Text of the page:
Higher fee to benefit Indian copper smelters

Last Updated: Mon, Jan 28, 2013 20:10 hrs

In a major relief for Indian copper smelters, global miners have agreed to raise the treatment and refining charges (Tc/Rc) by 10 per cent for the January-March quarter. Higher rates reflect a recovery in copper mine supply after years of deficit.

Pan Pacific Copper, Japan's biggest copper smelter, has successively negotiated more than 10 per cent increase in Tc/Rc for 2013 from global miners. Similarly, China’s leading smelter, Jiangxi Copper, has also won increase in charges from global miner Freeport McMoRan Copper.

The fees for Japan have climbed from $63.5 a tonne (Tc) and 6.35 cents per pound (Rc) last year, reports said, putting the 2013 figure above $69.85 and 6.985 cents, within the $65-$75 and 6.5-7.5 cents range expected by traders.

China’s Jiangxi Copper and global miner Freeport McMoRan Copper and Gold settled Tc/Rc at $70 per tonne and seven cents per pound, up 10.2 per cent from $63.5 and 6.35 cents in 2012.

This sets the benchmark for the rest of the global smelters, including Hindalco Industries and Sterlite Industries, to get higher realisation for converting copper concentrate into virgin finished products like cathodes. Consequently, Indian companies are set to get better fee as Tc/Rc this year.

“After the worse last year, higher fee for smelters is a good news for Indian copper smelters. Tc/Rc was very low last year which probably had hit the lowest in five-six years,” said a senior Sterlite Industries official.

Tc/Rc is the only fee which a smelter has relied upon as a major source of income. Such fee goes up when miners increase their output in anticipation of higher demand and push the same to smelters for conversion. It goes down when miners reduce their output in anticipation of lower demand and smelters keep looking for it for running their smelters smoothly.

“Tc/Rc is the only income for copper smelters. In India, copper concentrate mines are restricted only to the public sector Hindustan Copper. Hence, Sterlite and Hindalco depend upon copper concentrate supplied by global miners. Consequently, their income fluctuates depending upon the availability of copper concentrate for conversion and smelters’ negotiating capability with global miners for Tc/Rc,” said the official. An email sent to Hindalco Industries did not elicit any response.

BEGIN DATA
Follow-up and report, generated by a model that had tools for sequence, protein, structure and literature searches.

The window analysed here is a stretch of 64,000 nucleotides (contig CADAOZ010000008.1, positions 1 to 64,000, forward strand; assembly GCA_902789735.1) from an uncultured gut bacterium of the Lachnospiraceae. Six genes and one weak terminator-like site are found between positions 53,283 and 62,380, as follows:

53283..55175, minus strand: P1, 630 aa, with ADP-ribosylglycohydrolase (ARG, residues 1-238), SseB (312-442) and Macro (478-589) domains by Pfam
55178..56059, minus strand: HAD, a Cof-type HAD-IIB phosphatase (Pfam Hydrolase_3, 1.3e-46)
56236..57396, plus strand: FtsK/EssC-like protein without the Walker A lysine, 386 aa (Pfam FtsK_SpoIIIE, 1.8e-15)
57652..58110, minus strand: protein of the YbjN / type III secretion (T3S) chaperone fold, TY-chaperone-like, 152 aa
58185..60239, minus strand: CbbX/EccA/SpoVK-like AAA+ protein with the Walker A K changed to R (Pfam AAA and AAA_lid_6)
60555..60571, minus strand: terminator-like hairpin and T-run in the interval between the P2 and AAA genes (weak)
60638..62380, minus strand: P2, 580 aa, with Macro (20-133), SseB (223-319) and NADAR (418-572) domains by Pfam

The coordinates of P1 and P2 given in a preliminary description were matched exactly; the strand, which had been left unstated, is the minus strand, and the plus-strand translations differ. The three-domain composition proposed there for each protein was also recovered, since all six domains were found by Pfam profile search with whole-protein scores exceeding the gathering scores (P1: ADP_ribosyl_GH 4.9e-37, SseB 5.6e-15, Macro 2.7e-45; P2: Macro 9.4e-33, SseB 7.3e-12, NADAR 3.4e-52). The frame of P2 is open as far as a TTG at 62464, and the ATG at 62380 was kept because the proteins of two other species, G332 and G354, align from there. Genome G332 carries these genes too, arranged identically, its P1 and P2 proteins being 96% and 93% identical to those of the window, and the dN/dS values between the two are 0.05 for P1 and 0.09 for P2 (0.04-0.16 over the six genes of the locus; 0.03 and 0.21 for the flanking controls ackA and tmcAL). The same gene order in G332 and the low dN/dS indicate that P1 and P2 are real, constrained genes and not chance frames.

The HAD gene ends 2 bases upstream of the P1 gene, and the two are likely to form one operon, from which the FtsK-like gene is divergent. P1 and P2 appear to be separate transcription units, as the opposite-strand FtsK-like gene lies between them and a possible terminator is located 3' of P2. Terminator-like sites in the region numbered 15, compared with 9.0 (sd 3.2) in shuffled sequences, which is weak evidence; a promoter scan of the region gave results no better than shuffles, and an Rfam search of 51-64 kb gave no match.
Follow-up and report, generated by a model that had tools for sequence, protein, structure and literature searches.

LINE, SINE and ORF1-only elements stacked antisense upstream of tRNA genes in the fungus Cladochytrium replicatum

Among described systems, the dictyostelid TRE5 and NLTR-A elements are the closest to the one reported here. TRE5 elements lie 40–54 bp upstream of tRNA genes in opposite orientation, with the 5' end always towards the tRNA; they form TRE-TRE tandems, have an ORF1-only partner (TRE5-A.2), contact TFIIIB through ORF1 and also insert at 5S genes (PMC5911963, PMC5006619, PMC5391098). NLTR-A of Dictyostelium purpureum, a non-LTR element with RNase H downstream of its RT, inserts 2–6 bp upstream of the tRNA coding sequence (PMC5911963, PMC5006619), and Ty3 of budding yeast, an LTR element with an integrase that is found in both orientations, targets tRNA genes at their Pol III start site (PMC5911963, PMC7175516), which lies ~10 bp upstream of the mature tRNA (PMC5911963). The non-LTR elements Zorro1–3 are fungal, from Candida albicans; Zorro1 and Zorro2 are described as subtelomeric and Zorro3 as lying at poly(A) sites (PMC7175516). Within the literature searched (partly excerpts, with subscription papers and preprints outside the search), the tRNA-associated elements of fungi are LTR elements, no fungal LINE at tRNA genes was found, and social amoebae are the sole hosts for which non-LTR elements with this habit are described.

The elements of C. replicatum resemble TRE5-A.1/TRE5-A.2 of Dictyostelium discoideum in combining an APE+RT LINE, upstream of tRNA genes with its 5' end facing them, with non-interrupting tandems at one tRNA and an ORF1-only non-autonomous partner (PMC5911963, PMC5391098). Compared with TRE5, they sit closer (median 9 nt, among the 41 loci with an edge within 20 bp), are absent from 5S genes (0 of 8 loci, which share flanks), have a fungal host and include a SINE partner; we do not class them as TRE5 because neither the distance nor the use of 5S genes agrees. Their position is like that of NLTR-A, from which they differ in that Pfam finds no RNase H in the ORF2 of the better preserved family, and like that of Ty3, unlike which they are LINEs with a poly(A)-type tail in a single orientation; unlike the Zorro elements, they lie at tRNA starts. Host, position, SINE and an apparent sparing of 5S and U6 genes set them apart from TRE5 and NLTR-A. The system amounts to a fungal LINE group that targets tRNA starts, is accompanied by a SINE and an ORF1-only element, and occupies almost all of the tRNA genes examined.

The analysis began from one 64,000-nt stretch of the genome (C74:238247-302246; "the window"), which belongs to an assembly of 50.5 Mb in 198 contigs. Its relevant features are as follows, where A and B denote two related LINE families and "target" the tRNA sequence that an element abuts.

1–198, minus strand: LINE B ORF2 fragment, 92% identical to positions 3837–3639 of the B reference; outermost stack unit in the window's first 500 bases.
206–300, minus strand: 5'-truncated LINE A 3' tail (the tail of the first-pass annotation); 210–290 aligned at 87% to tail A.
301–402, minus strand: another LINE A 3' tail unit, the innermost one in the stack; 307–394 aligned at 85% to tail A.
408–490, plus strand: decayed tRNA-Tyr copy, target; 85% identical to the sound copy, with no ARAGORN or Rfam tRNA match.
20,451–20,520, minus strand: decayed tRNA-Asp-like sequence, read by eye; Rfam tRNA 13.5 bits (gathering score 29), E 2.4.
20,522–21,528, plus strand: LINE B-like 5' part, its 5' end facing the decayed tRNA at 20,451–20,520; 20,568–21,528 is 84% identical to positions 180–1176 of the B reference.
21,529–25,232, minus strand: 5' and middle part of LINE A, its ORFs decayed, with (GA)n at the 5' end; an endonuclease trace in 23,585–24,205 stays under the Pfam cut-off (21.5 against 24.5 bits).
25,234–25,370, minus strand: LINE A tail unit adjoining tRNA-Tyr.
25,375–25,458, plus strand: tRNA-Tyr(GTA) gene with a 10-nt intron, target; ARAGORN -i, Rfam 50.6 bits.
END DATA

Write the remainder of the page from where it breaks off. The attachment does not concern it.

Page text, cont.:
“The market’s looking to be better supplied than in the past two-to-three years. Increasing supply is coming out of operations like Escondida, giving smelters a stronger hand. Demand is going to be reasonable, but increasing mine supply is likely to outstrip the demand improvement while more smelter capacity from China is not likely to come online until the second half,” said strategist Nick Trevethan of ANZ in a report.

Pukhraj Sethiya, an analyst with PricewaterhouseCoopers, said: “The higher treatment and refining charges from miners to smelters would improve the margins for the merchant smelters though for integrated smelters, the impact may not be material. At the same time, the increased treatment and refining charges are also expected to push up the price of copper.”

Meanwhile, global copper miner Codelco reported a five per cent decline in output between January and September 2012 to 1.25 million tonnes with the hope of ramping up output, going forward. Hindalco reported copper cathode production at 330,000 tonnes in 2011-12, compared with 336,000 tonnes in the previous year. Sterlite’s copper cathode production, however, shot up marginally at 326,000 tonnes in 2011-12 against 304,000 tonnes in the previous year.

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